Christie enters 2024 race targeting Trump, hindered by low Republican support

Former New Jersey Governor Chris Christie has entered the 2024 race for the White House with one primary goal: to hinder Donald Trump’s campaign. However, Christie’s low popularity among Republicans could obstruct his efforts to directly challenge Trump. Christie’s unsuccessful bid for the 2016 Republican presidential nomination saw him endorse Trump early on, but he now seeks to bring the current front-runner down and establish himself as the winning candidate.

“A lot of people are going to be gunning for Trump,” states Republican strategist and former party communication director Doug Heye. “There’s going to be a battle royal where everybody’s trying to throw Andre the Giant out of the ring.” If this occurs, Heye believes the entire leadership race would be reset.

Christie officially filed the paperwork for his White House bid on Tuesday, but as it stands, he is far from being a leading candidate. Public opinion polls reveal that only Trump and Florida Governor Ron DeSantis have widespread support. According to a Fox News national survey of Republicans released last week, Christie had the backing of less than 1% of respondents, while a Quinnipiac Poll placed him at 2%. In each poll, Trump led the field by over 30%.

To alter this dynamic, Christie must seize limited opportunities, such as the series of upcoming Republican presidential debates beginning in late August. In 2016, Christie used a debate to criticise Florida Senator Marco Rubio, who was rising in the polls at the time, as too programmed and robotic. Christie’s challenge will be to employ his sharp tongue and assertive attitude to achieve similar success against Trump.

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“You better have somebody on that stage who can do to him what I did to Marco because that’s the only thing that’s going to defeat Donald Trump,” Christie said in March. “And that means you have to be fearless because he will come back right at you.”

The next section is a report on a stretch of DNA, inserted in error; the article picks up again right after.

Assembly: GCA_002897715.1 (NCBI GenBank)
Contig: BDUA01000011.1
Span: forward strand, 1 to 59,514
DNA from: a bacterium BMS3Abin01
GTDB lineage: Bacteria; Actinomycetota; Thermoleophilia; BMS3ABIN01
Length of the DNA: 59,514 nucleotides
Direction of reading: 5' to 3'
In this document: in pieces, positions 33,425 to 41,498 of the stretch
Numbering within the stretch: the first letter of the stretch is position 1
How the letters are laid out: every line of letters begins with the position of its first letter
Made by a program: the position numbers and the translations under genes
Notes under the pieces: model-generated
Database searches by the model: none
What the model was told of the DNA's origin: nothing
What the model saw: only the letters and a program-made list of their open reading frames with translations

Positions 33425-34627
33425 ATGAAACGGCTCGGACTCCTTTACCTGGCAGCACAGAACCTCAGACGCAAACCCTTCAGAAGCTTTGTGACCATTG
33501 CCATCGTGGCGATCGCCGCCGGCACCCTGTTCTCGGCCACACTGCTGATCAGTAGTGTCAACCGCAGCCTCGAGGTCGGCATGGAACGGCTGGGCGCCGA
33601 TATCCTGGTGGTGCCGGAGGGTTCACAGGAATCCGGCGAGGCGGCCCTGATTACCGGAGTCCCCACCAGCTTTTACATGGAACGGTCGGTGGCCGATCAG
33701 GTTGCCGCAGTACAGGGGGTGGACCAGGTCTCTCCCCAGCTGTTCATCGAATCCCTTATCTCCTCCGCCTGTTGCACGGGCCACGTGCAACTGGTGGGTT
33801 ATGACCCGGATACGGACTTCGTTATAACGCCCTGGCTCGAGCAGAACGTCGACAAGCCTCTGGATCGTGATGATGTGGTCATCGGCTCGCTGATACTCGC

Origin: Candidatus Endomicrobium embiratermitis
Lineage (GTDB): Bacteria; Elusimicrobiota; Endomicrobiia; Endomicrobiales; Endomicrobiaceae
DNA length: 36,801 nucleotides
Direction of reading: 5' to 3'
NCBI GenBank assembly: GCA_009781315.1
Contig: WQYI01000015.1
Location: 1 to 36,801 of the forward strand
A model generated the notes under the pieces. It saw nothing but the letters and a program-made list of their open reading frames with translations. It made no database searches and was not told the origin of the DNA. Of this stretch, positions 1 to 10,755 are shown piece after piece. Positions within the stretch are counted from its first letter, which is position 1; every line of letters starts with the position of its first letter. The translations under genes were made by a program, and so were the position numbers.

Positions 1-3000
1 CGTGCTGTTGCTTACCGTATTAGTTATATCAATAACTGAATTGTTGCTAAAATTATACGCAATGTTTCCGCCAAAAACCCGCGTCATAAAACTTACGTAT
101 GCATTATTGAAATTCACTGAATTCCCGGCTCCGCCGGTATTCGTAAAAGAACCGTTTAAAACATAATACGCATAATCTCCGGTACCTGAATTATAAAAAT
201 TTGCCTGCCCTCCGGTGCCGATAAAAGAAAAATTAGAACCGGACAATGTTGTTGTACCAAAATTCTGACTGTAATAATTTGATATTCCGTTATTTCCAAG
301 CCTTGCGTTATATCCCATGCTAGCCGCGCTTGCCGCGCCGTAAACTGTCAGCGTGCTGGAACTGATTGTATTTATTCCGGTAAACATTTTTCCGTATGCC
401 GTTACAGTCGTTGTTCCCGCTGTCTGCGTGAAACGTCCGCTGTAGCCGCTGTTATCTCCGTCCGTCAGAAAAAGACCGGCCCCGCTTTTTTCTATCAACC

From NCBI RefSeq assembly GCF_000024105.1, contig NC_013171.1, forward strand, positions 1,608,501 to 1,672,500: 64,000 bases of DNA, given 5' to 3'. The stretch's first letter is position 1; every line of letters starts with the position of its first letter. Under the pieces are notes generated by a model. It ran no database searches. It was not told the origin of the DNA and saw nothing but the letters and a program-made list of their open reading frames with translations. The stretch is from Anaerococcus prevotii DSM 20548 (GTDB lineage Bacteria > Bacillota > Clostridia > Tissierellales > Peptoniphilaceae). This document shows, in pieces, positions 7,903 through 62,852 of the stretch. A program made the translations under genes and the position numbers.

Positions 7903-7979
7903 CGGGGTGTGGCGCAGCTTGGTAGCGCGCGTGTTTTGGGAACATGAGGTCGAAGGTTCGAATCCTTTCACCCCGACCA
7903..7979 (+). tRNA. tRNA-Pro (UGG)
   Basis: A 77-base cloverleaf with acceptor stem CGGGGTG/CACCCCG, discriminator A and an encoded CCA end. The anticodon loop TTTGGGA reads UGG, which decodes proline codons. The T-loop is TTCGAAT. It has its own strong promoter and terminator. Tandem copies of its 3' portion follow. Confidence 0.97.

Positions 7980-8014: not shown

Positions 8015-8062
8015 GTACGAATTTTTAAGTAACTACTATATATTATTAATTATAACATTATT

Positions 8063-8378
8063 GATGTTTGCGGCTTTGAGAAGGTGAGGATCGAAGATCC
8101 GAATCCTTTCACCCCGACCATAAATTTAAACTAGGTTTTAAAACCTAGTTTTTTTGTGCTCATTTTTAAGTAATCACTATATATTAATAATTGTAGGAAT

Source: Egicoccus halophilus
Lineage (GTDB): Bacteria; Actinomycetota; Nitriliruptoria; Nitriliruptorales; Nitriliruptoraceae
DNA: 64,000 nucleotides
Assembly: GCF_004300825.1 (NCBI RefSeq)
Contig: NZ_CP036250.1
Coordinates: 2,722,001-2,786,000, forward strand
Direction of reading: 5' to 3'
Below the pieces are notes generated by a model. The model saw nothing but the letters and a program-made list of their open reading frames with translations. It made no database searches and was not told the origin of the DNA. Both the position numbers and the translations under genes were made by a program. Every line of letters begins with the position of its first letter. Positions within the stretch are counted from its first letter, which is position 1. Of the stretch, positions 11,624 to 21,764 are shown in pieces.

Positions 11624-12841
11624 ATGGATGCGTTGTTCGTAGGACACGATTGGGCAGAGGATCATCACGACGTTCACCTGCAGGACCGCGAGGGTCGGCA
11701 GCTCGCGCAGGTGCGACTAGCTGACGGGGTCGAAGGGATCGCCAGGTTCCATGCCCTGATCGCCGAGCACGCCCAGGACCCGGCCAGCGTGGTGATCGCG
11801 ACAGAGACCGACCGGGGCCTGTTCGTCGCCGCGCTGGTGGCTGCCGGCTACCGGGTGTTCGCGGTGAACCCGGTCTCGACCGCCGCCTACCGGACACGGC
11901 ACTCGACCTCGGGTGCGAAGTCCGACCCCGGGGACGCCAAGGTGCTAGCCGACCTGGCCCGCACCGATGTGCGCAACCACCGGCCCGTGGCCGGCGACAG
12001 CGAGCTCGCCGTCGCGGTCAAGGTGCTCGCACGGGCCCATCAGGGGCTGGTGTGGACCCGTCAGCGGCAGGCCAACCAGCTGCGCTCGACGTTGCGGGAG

Republican strategist Doug Heye believes Christie has the political instincts and talent to create a similar debate moment this time. “Christie is not somebody who’s coming in merely to pad speech fees, do book tours and all those other things that people who really have no chance get into the race to do,” he says. “Clearly he’s somebody who potentially could pop Trump’s balloon.”

However, Christie may not get the opportunity. The Republican Party has set relatively strict requirements to qualify for its debates, and even if Christie qualifies, Trump has reportedly been considering skipping the early debates.

Outside of the debates, Christie’s strategy relies on courting voters in New Hampshire, the state that follows Iowa on the Republican presidential primary calendar. He faces an uphill battle there, as a recent survey of Republican voters in the state showed Christie with a net favourability of negative 44%, the worst of any announced or potential candidates. A majority of the voters in that state know him – and don’t like him.

Polls indicate that Republican voters do like Trump, reflecting a party transformed by Trump and his populist style of politics. Christie contributed to that shift in February 2016 when he became the most prominent establishment Republican politician to support the unconventional candidate at the time.

The endorsement sparked rumours that Christie would become Trump’s vice-presidential running mate or join his administration as a Cabinet official. However, such offers never materialised, and over time, Christie – who initially said he was “happy to be on team Trump” – began criticising his former ally.

In the months after Trump left office in 2021, following the 6 January attack by the president’s supporters on the US Capitol and months of denying his electoral defeat, Christie’s views on Trump have become pointed and fiery. “Donald Trump is a TV star, nothing more, nothing less,” he said in New Hampshire in April. “Let me suggest to you that in putting him back in the White House, the reruns will be worse than the original show.”

Republican voters may not want what Christie is offering as an alternative. His final years in office as New Jersey governor were marred by controversy. In 2017, after his unsuccessful presidential bid, he was photographed lounging with family on an otherwise empty New Jersey state beach that had been closed to the public during a budget dispute between the governor and state. That episode made the governor an object of national ridicule.

By entering the 2024 presidential race, Christie hopes to rewrite his political legacy. But to do so, he must first overcome Donald Trump.

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Lilly Larkin

Lilly is a writer with a diverse international background, having lived in various countries including Thailand. Her unique experiences provide valuable insights and culturally sensitive perspectives in her news reporting. When not writing, Lilly enjoys exploring local art scenes, volunteering for community projects, and connecting with people from different cultures.

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